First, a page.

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Steven

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Time Limit in McKinsey Case Interviews

Hi - I know that the McKinsey Case interview can last anywhere between 25 to 35 minutes. The cases are interviewer led and typically consist of 5-6 questions each. What happens if the interviewer is not able to cover all the questions within the allotted time? Will the interviewer just stop after the time limit? Also, is this bad as a candidate? Is doing the case accurately better than doing it quickly? Thanks in advance!

Hi - I know that the McKinsey Case interview can last anywhere between 25 to 35 minutes. The cases are interviewer led and typically consist of 5-6 questions each. What happens if the interviewer is not able to cover all the questions within the allotted time? Will the interviewer just stop after the time limit? Also, is this bad as a candidate? Is doing the case accurately better than doing it quickly? Thanks in advance!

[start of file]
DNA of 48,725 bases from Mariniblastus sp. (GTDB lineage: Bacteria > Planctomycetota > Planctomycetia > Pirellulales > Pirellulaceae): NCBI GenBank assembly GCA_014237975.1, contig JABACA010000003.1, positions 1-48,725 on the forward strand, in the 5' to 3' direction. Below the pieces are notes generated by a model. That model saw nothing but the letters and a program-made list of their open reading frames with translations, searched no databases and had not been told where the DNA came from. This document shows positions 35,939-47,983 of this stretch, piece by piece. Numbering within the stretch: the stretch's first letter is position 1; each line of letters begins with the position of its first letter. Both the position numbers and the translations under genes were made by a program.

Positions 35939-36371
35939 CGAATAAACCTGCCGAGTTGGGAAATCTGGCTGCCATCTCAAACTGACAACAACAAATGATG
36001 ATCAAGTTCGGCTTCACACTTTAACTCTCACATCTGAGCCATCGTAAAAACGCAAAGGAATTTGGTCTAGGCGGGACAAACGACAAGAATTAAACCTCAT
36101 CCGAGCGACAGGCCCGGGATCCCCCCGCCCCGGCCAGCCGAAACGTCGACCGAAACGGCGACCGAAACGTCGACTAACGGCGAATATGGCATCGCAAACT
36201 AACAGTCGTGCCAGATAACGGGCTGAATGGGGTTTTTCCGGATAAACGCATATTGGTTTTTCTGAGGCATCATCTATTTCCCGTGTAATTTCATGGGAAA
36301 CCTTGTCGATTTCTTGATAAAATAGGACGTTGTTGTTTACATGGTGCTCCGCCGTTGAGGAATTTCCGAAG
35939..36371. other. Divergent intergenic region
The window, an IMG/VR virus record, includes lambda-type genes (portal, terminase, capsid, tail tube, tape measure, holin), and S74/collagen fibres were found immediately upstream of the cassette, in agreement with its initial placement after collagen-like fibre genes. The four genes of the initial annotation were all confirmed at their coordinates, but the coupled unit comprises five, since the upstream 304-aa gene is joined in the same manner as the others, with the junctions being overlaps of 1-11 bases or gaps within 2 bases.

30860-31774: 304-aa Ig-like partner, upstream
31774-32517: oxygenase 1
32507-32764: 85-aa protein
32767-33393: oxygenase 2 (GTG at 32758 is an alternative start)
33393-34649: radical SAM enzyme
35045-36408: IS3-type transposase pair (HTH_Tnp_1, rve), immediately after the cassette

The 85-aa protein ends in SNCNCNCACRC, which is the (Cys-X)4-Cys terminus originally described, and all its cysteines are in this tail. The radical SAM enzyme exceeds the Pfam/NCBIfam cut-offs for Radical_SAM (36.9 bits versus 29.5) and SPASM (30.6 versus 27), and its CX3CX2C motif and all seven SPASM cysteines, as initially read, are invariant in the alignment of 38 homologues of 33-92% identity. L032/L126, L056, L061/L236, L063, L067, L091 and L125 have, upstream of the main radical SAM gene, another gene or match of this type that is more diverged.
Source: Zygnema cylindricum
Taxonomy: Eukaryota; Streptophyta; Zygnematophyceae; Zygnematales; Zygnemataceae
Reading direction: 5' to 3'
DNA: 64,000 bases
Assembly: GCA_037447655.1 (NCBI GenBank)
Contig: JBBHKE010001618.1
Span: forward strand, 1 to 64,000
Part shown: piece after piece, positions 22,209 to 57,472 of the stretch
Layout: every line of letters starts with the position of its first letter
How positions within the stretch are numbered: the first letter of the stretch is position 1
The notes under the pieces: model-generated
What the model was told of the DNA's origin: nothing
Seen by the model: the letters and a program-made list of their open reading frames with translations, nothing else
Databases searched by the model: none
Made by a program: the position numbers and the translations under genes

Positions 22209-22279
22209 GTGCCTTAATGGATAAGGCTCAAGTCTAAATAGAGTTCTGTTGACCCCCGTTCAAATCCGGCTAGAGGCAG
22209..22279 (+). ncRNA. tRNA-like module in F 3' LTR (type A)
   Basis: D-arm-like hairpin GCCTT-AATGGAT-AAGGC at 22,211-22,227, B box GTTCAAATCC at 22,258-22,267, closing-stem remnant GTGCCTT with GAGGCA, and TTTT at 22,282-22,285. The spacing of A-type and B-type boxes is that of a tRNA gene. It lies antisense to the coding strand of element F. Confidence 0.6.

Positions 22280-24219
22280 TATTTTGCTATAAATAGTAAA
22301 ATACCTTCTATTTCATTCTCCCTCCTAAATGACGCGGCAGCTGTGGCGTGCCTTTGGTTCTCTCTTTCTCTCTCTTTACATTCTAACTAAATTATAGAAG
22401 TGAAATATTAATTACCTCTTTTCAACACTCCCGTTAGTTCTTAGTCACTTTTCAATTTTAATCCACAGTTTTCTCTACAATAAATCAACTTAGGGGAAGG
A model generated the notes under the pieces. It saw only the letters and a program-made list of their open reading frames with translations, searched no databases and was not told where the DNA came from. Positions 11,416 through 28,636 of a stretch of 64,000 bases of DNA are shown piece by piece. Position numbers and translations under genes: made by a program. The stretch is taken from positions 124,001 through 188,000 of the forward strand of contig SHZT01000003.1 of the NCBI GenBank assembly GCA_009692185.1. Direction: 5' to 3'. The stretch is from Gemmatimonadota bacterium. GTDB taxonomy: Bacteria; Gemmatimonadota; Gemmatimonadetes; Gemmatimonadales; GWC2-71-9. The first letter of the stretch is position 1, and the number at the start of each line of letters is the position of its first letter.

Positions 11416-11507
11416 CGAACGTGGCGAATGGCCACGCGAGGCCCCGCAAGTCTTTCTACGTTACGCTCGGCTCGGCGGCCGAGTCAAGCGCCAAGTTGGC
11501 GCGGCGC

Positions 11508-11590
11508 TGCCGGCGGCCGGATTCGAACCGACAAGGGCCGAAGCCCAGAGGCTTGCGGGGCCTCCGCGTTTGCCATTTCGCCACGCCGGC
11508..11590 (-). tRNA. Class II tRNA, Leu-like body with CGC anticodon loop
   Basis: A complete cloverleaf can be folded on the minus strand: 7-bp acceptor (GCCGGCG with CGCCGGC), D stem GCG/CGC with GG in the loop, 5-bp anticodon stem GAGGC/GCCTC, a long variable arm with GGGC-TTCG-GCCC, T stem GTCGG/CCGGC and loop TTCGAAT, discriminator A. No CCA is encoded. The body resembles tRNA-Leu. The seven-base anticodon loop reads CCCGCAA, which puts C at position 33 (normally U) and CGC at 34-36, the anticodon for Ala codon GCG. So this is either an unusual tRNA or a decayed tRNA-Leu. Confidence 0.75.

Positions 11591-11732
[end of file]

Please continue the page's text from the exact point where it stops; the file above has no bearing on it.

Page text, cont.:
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Hi-

The McKinsey case interview normally lasts 35-40 mins with major questions covered. The interviewer will make sure they cover all the questions- sometimes they do overrun a bit (e.g., 5 mins). But it will not overrun a lot since the interviewer will interview other candidates as well. In order to be fair, the interviewer will make sure that they cover same questions for each candidate on the batch day.

It's not necessary bad for candidate. The interviewer will evaluate your anwsers thoroughly. I would say doing the case accurately is more important for quantitative questions. Take your time when answering questions. Practice can increase your speed as well as accuracy. If you answer a question correctly but too slowly, it will impact your evaluations as well.